Though he’s never wielded his sword outside of martial practice, low-ranking samurai Katagiri (Nagase) routinely trains for battle. However, he is troubled by the introduction of British artillery and combat methods, as well as his longing for housekeeper Kie (Matsu), whom he’s prevented from marrying due to caste restrictions. When word comes that an old friend, Yaichiro (Ozawa), has escaped after being accused of plotting against the shogunate, he’s ordered to pursue and kill him.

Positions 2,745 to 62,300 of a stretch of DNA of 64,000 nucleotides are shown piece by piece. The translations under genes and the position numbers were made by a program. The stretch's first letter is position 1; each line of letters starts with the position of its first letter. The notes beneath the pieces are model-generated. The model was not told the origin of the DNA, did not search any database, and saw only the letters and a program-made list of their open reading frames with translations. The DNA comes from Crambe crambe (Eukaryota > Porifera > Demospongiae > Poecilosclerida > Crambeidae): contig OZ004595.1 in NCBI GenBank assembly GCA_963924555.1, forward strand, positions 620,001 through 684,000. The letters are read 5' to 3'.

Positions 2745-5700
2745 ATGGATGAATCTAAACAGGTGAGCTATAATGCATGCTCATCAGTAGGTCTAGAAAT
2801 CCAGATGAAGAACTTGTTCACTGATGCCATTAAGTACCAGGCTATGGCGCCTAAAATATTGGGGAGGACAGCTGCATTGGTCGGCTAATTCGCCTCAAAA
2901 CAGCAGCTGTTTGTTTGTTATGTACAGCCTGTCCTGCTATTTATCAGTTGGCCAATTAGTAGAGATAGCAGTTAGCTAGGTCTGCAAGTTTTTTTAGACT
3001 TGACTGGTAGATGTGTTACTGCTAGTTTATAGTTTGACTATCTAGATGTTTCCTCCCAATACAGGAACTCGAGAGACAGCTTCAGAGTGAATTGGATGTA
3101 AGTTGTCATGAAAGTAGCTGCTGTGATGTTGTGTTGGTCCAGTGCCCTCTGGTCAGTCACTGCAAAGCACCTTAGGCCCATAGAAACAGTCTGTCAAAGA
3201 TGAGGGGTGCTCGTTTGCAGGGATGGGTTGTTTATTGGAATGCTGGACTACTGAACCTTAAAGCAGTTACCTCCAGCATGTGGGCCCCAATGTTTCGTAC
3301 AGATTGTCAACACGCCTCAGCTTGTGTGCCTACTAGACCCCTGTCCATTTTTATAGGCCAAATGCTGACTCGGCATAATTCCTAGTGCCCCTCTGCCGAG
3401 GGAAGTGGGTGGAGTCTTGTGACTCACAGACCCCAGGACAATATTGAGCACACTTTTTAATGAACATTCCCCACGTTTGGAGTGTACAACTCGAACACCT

Forget the high-wire acrobatics of so many contemporary samurai films. Yamada’s sly, emotionally rich drama (set in 1860s Japan) is a slow burner, burrowing into the mind of a warrior: divided by his loyalty to a friend and his powerful clan, troubled by the way old traditions are giving way to new military practices, and agonized over his forbidden love for a servant girl (Matsu). Yamada builds to an old-fashioned hand-to-hand fight sequence that, because of Katagiri’s inexperience and inner turmoil over his deadly duty, takes on certain poignancy, as he questions the rules that govern his life.